A couple of years ago I started making a three-ingredient spread that has seen Jackie and me through many, many sessions of pre-dinner drinks. It is simply a mash of olives and cream cheese, brightened with lemon zest. (I didn’t realize at the time that something similar actually existed: I’ve looked at other recipes and immodestly prefer my own for its simplicity, its high olive content and its lemon zest.)
Using good olives and good cream cheese – preferably a fresh, properly tart and cheeselike smaller-production variety such as Ben’s from upstate New York – yields a spread that can shmeared on Scandinavian-style rye bread, dense pumpernickel or crispbread, either by itself or even topped with smoked salmon: the olives and lemon zest make sense with smoked fish.
What if I make too much or don’t serve enough of it? The leftovers – all by themselves – make a dandy buttery-tasting (though butterless) olive-cream sauce for pasta. Do not scoff: Think of delicious pasta sauces made of other cheeses and little else, like the Roman cacio e pepe or my beloved gorgonzola and arugula. And there’s rarely a down side to olives.
So make the spread and then make the pasta.
Serves many as a spread; the leftovers (two thirds of the total quantity) will serve two as a main-course spaghetti sauce (or four as a pasta starter)
This can be made in larger or smaller quantities so long as you bear in mind, at least roughly, the proportion of olives to cream cheese. It will keep in the fridge for the better part of a week. Note too that the full quantity given in the recipe will be enough for three big portions of pasta should you wish to skip the canapés.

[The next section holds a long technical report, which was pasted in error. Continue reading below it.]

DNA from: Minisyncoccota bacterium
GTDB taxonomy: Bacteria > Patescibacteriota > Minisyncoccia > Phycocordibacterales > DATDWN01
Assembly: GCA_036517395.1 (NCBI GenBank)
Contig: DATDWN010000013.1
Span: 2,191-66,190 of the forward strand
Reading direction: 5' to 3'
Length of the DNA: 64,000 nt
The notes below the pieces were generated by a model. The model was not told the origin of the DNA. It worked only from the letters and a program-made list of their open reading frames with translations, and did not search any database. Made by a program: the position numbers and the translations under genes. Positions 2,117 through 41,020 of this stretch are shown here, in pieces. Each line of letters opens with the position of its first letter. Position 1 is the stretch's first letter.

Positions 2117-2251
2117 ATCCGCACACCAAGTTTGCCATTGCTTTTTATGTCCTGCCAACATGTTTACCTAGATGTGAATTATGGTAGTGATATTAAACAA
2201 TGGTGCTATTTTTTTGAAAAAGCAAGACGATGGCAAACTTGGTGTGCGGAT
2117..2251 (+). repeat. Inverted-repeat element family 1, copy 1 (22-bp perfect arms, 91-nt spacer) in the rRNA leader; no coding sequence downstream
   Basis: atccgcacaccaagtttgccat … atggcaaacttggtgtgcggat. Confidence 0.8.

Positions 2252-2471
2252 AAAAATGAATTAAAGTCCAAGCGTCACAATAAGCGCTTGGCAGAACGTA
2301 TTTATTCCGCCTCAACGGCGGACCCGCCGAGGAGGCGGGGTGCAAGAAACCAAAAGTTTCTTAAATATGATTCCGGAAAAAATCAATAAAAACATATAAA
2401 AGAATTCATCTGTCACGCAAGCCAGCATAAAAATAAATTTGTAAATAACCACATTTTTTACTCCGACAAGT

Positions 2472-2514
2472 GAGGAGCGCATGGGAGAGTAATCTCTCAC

- 1 Cup (about 1/2 lb.) flavorful cream cheese
- 2/3 Cups drained pitted olives of your choice
- Grated zest of 1/2 a lemon, plus a similar quantity for garnishing the pasta
- Two portions of pasta: thick spaghetti is ideal
Remove the cream cheese from the fridge 20 or 30 minutes in advance to soften it.
Save yourself a trip to the dentist: Make sure the “pitted” olives really are pitted, every single one of them. Even if you’ve pitted them yourself, double check.
Put the olives into the bowl of a food processor fitted with the metal chopping blade. Pulse once, then again, listening for the rattling noise that would indicate yet another stray olive pit. If you hear it, remove the bowl from the machine and go through the partially chopped olives with your fingers to locate and remove the pit.
Now add the grated lemon zest and pulse a couple of times more until the olives are chopped medium-fine.
Add the cream cheese and pulse the machine until the ingredients are well combined, scraping down the sides of the bowl as needed. Some olives will be pureed, others thoroughly chopped, and it is this range of textures that almost dictates using a food processor rather than a knife to deal with the olives. The color will depend on your choice of olives; it is unlikely to be beautiful.
You can use about 1/3 of the mixture to spread onto dense, thin-sliced bread for canapés.
When you wish to make the pasta, bring salted water to the boil and add the spaghetti.
While this is cooking, put the remaining 2/3 of the cream cheese mixture into a skillet, add 1/2 cup of the pasta cooking liquid and melt everything over medium-low heat, stirring with a whisk or rubber spatula as it softens.
When the pasta is done, drain it (reserving a cup of the cooking water) and add it to the skillet, stirring and tossing with tongs to coat the pasta. Use some of that pasta water to adjust the consistency if necessary; last time I made it, another 1/3 cup was needed. It is unlikely to need salt, but taste to verify. Serve in warmed bowls, sprinkled with grated lemon zest.